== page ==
The First Time
             The first time going to Yankee Stadium, the first time at the movies, the first time I had a birthday, the first time I went to Europe, the first time sitting at the beach in Sag Harbor, the first time at the Met,  the first time at Jake’s Little League,  the first time I see Cedar play lacrosse and the first time Nevona gets a really great job in the music biz in Brooklyn.  The first time a child steps into the world and shines in a way you might not have expected.
       The first time the schedule for the NY Film Festival appears in the Times. The first time working at a soup kitchen on Thanksgiving, the first time the dog goes to a new day care, the first dinner party.  The first time dancing in a crowd of friends and colleagues. The first time giving a lecture. The first time people are applauding.
            The first time you are filing your taxes.  The first time you sign a lease for an apartment.  The first time you go to a wedding and someone you knew as a baby gets married.
         These are the particular first times that reveal with an often shattering force that they are and they are not happening for the first time. These are the first returns to the routines of life after a death. These are the first times that you encounter alone the many deeply loved routines of a shared life.  Everyone has their list and perhaps fortunately it can be extended almost indefinitely. In this way, trickily and magically, death continues to be suspended.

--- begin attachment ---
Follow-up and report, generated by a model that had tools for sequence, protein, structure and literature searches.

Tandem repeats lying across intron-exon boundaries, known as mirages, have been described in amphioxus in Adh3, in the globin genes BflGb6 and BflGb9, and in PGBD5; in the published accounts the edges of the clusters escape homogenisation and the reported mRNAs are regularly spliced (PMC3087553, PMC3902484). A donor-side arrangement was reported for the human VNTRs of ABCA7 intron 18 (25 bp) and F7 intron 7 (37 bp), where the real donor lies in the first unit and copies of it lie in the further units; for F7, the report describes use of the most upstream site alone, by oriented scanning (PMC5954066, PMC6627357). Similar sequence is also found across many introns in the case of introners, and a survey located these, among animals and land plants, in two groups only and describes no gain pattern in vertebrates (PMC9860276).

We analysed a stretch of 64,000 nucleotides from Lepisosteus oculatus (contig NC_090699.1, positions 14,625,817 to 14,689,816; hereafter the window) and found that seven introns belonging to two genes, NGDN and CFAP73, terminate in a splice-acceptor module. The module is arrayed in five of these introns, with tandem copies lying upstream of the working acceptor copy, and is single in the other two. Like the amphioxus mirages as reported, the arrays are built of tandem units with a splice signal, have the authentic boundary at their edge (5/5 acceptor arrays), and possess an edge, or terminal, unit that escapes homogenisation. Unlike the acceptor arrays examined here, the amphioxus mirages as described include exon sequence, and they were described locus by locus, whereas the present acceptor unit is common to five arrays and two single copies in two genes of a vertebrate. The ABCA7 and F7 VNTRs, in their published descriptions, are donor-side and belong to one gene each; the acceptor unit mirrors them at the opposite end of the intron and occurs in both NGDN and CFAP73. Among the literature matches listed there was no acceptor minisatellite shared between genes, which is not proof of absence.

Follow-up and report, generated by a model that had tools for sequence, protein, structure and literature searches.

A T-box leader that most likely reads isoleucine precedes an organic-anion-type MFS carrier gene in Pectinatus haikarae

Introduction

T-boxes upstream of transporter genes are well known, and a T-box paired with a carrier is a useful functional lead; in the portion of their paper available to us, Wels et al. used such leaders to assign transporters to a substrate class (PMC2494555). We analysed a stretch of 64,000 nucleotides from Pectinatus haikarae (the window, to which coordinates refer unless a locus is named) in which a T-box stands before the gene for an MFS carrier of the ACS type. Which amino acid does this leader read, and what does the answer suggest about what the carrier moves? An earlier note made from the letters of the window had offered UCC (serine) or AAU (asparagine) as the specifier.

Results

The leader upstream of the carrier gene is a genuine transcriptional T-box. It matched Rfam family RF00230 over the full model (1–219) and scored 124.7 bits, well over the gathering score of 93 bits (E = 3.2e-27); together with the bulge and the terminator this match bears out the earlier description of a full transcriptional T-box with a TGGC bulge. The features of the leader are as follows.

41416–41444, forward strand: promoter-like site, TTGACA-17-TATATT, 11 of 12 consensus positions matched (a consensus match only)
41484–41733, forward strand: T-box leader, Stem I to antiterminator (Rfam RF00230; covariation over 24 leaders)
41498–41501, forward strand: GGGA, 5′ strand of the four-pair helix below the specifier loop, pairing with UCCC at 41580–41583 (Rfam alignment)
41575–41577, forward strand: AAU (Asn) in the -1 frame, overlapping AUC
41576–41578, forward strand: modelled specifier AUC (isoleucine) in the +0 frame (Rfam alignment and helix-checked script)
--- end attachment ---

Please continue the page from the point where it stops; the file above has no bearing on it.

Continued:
As you arrive at that ‘first time’ there is the jolt of recognition, the dawning realization that this first time is potent precisely because it is so ambiguously not the first time. These ‘first times’ unveil the hidden melancholic contract that is still in place. Each experience of ‘the first time’  suffuses you with a unique and particular pain. The emotion that floods you carries hope and dread because in each first time, death also arrives – for the first time,  there, in that place, in that event.
           The emotion in these moments offers the enigmatic instruction that indeed there is not yet death, or not here. Not in Yankee Stadium nor at the dinner party. The reality of death has been suspended in those times and spaces until you arrive for the first time alone. Abraham and Torok give this problem an extraordinary title. The fantasy of the Exquisite Corpse. The melancholy and omnipotent triumph in which time is  wrestled to a standstill – in one’s imagination.
Nachtraglichkeit. That process that aids and impedes the task of mourning
The first time is a revelation. Mourning is for life, as Margaret Little rather famously said – perhaps to Winnicott.
Adrienne Harris, New York City. February 2015